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article imageDonald Trump quotes Mahatma Gandhi, turns out it's fake

By Sravanth Verma     Mar 3, 2016 in Odd News
A day before his big Super Tuesday win, Donald Trump decided to quote Mahatma Gandhi on his Instagram account. Only problem, it wasn't actually Gandhi that he was quoting.
Trump put up a photo of himself on stage, addressing a big crowd at his Sunday speech in Alabama, with the quote printed underneath: “First they ignore you, then they laugh at you, then they fight you, then you win.” He signed it off as being Gandhi's quote. Quite a few people were outraged that Trump was quoting Gandhi. However, perhaps Trump's aides weren't meticulous enough with their Google searches because this is actually not a quote from Gandhi.
It turns out that a version of this quote comes from Nicholas Klein, an American labor organizer, while giving a talk at a convention in 1918, at Baltimore, United States. "First they ignore you. Then they ridicule you. And then they attack you and want to burn you," Klein had said, before continuing, "And then they build monuments to you. And that, is what is going to happen to the Amalgamated Clothing Workers of America."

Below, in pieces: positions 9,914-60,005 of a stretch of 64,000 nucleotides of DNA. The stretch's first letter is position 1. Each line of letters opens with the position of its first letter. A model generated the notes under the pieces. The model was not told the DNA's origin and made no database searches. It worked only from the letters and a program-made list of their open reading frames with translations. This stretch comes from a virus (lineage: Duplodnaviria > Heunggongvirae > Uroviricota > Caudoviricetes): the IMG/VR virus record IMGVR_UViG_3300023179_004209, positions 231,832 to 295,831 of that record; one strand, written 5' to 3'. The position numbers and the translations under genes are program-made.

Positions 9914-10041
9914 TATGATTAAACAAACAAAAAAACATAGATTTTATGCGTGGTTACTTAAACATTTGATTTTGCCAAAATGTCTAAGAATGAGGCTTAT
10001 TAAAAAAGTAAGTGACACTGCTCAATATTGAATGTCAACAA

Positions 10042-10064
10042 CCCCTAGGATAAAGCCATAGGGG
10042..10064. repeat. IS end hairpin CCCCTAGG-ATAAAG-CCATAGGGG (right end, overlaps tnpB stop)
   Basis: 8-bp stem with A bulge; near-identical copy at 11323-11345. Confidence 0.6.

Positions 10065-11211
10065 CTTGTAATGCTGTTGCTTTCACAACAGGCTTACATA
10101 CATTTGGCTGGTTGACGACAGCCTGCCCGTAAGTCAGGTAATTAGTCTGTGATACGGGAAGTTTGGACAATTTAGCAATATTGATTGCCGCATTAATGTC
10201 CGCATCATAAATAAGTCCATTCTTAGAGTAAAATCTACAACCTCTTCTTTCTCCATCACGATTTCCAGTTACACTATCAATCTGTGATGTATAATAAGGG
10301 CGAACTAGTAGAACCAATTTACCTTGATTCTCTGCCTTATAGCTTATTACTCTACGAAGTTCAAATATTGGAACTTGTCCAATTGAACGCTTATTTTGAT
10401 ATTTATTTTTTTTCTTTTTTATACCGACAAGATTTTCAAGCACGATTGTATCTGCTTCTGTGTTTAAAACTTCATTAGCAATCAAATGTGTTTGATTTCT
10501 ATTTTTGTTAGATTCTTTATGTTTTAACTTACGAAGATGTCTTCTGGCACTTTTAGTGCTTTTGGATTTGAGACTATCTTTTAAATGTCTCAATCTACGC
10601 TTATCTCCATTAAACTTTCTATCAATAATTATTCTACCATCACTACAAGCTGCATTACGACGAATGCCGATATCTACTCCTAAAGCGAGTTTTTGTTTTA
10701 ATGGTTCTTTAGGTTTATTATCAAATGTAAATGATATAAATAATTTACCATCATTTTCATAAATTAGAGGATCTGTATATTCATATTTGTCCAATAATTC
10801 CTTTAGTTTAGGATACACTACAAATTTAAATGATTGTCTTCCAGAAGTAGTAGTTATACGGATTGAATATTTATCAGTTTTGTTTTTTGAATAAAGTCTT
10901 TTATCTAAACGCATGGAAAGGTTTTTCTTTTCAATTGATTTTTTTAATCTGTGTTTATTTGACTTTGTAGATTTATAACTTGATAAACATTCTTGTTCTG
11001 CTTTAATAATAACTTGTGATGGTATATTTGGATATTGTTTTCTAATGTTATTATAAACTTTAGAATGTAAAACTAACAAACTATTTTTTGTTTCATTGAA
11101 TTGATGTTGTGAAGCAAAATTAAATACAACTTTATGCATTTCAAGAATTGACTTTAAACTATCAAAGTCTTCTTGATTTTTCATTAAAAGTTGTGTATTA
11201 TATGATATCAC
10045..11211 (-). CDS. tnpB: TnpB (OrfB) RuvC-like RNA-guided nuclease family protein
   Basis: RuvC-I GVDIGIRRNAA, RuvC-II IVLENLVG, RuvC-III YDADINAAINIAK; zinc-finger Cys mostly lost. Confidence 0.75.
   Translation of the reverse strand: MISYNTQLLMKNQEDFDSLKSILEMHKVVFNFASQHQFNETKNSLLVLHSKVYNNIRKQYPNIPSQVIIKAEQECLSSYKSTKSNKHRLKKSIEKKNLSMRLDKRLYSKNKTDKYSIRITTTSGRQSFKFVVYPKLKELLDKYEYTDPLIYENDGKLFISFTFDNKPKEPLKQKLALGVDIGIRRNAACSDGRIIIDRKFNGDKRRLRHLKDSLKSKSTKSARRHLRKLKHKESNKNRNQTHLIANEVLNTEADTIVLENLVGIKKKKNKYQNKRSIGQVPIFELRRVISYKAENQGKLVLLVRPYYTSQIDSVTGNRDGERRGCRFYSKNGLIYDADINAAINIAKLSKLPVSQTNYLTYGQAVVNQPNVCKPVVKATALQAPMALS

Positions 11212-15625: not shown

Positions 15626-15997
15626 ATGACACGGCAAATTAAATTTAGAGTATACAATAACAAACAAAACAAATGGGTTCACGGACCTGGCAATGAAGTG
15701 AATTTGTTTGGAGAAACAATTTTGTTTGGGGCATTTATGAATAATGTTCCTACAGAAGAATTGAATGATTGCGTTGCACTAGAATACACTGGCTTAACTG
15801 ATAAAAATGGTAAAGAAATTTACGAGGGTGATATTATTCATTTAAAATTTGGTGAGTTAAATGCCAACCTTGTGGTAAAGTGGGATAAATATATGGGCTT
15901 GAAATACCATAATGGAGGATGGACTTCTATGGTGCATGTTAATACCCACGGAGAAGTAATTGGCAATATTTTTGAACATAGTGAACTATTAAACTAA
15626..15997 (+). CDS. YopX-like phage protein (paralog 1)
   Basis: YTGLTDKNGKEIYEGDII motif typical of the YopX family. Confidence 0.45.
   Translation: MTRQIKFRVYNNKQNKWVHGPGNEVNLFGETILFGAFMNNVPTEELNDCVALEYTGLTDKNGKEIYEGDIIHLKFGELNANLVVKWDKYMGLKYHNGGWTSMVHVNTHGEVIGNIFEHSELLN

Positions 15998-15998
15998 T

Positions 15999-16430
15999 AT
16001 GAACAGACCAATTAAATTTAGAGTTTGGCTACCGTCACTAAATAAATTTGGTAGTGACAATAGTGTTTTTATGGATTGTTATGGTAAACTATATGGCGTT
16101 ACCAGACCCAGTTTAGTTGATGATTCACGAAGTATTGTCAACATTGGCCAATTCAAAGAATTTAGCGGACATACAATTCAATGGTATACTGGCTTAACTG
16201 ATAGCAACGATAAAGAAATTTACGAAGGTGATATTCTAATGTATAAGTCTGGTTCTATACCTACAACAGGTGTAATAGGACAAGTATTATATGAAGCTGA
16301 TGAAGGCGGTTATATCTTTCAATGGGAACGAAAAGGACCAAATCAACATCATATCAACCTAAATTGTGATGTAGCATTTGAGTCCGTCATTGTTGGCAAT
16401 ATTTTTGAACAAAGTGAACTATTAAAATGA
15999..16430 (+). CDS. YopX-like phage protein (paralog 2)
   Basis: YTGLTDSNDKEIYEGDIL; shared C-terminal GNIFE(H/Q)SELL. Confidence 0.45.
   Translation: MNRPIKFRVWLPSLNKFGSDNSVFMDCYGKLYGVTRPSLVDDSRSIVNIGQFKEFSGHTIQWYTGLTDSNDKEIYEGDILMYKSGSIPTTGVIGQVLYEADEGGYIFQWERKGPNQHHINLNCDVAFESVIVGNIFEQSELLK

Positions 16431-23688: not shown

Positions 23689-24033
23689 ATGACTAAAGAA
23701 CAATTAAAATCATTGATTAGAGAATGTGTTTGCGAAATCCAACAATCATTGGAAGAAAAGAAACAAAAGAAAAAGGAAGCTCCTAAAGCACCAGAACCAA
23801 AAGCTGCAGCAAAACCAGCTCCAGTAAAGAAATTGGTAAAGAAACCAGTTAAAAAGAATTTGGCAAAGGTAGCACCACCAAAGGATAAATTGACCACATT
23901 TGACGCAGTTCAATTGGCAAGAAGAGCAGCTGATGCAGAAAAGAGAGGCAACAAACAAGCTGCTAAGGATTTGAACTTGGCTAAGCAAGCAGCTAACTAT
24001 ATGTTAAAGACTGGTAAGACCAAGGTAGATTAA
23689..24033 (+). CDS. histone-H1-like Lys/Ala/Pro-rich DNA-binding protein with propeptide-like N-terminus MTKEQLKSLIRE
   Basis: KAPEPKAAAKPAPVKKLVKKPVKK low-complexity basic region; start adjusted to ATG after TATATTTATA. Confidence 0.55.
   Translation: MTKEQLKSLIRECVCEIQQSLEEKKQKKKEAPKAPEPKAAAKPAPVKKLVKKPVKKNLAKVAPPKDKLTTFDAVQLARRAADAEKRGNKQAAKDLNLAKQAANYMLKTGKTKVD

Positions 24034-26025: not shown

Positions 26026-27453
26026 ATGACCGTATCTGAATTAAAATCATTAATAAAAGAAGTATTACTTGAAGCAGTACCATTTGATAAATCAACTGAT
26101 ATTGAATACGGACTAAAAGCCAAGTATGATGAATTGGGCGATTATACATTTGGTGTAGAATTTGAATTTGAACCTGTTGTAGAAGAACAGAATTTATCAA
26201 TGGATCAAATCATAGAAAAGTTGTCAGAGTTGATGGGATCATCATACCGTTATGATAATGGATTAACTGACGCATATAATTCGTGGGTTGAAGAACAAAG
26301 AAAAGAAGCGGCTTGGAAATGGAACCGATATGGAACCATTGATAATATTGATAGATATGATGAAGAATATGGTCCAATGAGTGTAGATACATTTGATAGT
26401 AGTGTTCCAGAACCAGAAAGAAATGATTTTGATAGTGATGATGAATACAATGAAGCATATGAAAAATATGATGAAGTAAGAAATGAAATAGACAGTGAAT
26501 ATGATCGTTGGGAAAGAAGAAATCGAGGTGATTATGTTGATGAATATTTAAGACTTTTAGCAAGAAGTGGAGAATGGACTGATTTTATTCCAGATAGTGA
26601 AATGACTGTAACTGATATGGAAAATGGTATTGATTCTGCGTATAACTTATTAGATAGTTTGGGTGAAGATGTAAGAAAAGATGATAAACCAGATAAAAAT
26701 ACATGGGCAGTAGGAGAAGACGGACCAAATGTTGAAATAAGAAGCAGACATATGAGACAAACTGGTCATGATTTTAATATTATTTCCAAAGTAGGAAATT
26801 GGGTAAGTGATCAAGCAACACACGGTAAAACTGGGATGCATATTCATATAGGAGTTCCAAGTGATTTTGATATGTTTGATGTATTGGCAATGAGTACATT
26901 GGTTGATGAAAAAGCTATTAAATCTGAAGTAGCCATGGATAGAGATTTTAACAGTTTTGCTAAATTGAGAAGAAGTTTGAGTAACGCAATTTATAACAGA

While this quote is often attributed to Gandhi, it isn't quite clear why. Gandhi, known as Mahatma or "great soul," was a key figure in India's independence struggle against the British in the first half of the twentieth century. The misattribution is perhaps due to something Gandhi wrote in 1926, that was along the same lines. In a note titled Freedom's Battle, Gandhi describes how the non-cooperation movement he had launched against the British was gaining in momentum. Non-cooperation was a tactic in which the Indian people refused to follow laws imposed by the British, bringing the country and its economy to a standstill, thus forcing the British government to give in to Indian demands.
Gandhi wrote: "Unfortunately for His Excellency the movement is likely to grow with ridicule as it is certain to flourish on repression. No vital movement can be killed except by the impatience, ignorance or laziness of its authors. A movement cannot be ‘insane’ that is conducted by men of action as I claim the members of the Non-co-operation Committee are. … Ridicule is like repression. Both give place to respect when they fail to produce the intended effect. … It will be admitted that non-co-operation has passed the stage [of] ridicule. Whether it will now be met by repression or respect remains to be seen. … But the testing time has now arrived. In a civilized country when ridicule fails to kill a movement it begins to command respect.”
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